It was a moment of dread and yet excitement that I felt within. In front of me sat Thounaojam Herojit, head constable of Manipur police, he had revealed that he had killed a person in cold blood and wanted me to report it. That was sometime back in 2016 January. Ahead lay the daunting task of inking down the confession to one of the most controversial fake-encounters perpetrated in the state so far, the BT flyover fake encounter in which Ch Sanjit was killed in cold blood. Herojit told me that he had shot down an unarmed Sanjit on the order of his superior officer.
This moment can be perceived as every reporter’s dream come true, news-wise and yet at the same time take on the government hounds which had 2528 fake encounters under its belt. I knew then that I was putting my life at risk and of others including Herojit if the article was printed. Even more if it is known to other concerned authorities that the killer cop had spilled the beans before it was printed in black and white. I did the article… with the hope that justice would be done to the souls of the victims of fake-encounters. What further emboldened me is that here was another person in front of me, risking it all.
After the news was printed on January 26, 2016, it seemed that morning that there was a lull in the air. What would be the outcome? My publisher had even suggested that I leave the Country for some time as reprisal would most likely come in one way or another which may cost me dearly. I began to weigh the odds and came to a conclusion that If I die, it won’t be at any other place where my body could not be found, I choose to ‘exit the building’ with my last moments spent with my family and if any harm is to come, my final glance would be of my family.
Well! Much water has passed under the Ithai barrage and still the status-quo remains. The judiciary of the state prefers not to accept the confession of Herojit. Despite the proverbial Pandora’s Box being opened and a killer having confessed to the deed, the session’s court is explicitly of the view that the on-going trail must continue in its lethargic manner. The BT flyover fake encounter occurred in July 23, 2009 and eleven cops were indicted in the investigation by the CBI. The charge-sheet was submitted to the court in that year and still the case moves at a snail’s pace. The verdict of the court regarding Herojit’s confession is that he cannot submit his confession as the trail is on-going and the court is not an appellate one.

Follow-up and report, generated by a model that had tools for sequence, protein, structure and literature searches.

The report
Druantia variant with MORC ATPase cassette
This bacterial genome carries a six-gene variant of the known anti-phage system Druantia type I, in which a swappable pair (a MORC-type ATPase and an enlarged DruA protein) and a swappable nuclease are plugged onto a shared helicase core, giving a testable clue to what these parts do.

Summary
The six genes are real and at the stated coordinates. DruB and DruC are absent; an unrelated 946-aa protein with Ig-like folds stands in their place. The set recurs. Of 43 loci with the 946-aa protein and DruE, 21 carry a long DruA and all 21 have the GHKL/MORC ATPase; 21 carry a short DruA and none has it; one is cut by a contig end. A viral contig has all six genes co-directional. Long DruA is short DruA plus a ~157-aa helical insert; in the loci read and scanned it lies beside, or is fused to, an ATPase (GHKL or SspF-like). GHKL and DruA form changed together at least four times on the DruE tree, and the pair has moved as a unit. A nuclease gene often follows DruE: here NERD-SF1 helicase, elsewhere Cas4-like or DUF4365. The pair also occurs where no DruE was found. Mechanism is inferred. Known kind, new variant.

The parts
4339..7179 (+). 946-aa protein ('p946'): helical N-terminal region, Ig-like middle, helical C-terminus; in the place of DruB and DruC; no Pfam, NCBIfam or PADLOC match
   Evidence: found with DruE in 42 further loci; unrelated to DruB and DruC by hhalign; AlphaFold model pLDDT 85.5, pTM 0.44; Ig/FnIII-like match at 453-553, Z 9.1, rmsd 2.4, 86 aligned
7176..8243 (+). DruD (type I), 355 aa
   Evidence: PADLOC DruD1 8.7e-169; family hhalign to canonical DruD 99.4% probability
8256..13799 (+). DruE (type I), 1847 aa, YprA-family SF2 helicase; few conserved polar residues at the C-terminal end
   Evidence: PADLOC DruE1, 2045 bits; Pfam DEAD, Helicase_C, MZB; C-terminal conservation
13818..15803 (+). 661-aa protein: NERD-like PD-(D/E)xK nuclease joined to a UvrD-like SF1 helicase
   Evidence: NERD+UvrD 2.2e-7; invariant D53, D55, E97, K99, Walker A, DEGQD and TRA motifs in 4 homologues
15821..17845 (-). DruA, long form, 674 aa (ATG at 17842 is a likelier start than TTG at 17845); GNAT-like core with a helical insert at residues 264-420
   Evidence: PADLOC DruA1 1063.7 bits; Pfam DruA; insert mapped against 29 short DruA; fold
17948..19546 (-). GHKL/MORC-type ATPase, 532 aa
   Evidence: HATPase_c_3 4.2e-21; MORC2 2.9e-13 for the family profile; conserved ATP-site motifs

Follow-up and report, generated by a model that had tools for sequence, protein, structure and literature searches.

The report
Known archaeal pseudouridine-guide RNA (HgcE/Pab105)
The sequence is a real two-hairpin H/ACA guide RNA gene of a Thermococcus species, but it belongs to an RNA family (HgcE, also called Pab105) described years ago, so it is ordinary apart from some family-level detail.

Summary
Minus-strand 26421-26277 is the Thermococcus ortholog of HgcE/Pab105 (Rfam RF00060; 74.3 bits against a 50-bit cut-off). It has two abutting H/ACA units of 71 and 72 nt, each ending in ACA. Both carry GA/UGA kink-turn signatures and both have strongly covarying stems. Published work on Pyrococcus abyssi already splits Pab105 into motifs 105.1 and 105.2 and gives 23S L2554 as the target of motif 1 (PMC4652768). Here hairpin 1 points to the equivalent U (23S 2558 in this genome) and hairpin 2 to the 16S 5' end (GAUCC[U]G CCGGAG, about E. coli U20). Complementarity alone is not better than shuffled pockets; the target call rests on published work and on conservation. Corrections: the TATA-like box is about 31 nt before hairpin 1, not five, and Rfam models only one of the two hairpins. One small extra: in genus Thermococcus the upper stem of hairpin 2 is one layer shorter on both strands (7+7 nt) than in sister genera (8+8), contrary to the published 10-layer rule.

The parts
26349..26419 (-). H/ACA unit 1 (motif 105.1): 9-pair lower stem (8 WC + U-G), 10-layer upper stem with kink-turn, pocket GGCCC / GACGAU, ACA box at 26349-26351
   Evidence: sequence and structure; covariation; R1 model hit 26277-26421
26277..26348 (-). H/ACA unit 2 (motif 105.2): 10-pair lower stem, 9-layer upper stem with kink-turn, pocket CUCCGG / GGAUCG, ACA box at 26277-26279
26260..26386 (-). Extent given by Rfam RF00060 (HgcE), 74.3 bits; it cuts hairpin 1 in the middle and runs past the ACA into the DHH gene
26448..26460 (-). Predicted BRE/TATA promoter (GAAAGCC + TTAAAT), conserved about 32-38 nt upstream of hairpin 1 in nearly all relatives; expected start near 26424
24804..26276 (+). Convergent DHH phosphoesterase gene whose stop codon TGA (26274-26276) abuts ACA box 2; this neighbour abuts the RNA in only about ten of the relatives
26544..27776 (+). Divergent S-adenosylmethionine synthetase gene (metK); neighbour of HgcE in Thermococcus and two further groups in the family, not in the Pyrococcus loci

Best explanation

Fine! The mother of the fake encounter victim submitted a petition to the High Court of Manipur in 2016, praying that action may be directed as per statement made by Herojit and that the superior officer and other responsible authorities be punished. The High Court in their basic observation of jurisprudence stated that the court cannot accept the petition as the case was being tried in the lower court. At that moment, some things became quite clear! The irony here is that the sessions court is trying to find out who is the killer of Ch Sanjit and here is the killer who has come out and confessed to his deed.
Herojit’s confession, one’s obligation to bring out the news and what do the court’s do ? One thing they are up to is that nearly 400 witness have to be interviewed and the score is 150 till date and in a span of 8 years. At this rate, it will take at least a quarter of a century for all witness to be scrutinized by the court. No wonder that the four Supreme Court justices are coming out openly on charges of nepotism against the Chief Justice of India, judiciary here borders on impotency and reeks of by-far worse.
It felt that the government is trying to bring the BT fake-encounter case to a slow death and hopefully before that happens, Herojit would die and along with him, all the dirt that the government would like to cover up. It seemed that way until Herojit approached the Supreme Court in January 8 last. The SC directive to the CBI to investigate 92 cases of fake encounters was based on certain commissions of inquiry and NHRC cases. The CBI’s homework for collecting documents and other relevant material were already done by the commissions earlier. Finally, only 11 First Information Reports have been submitted to the Supreme Court by the CBI in January and the names and cases are kept confidential, the civil organizations here cry foul at the CBI lethargic investigation. The Supreme Court was also oblivious of the Herojit affair till recent and surprisingly, his affidavit mentioning that he was an eyewitness to several fake encounters and he was the killer of Ch Sanjit was accepted by the Supreme Court. The Court also observed that Heroijit’s statement may be recorded by any magistrate in Delhi. So, one would like to wash off the matter of procuring justice from the state’s side and all hopes reside on the SC hearings in future.
The adage that justice delayed is justice denied points that justice indeed has been delayed to the victims of fake-encounters. One hopes that justice is not denied and finally there will be a res-judicata for the victims of violence.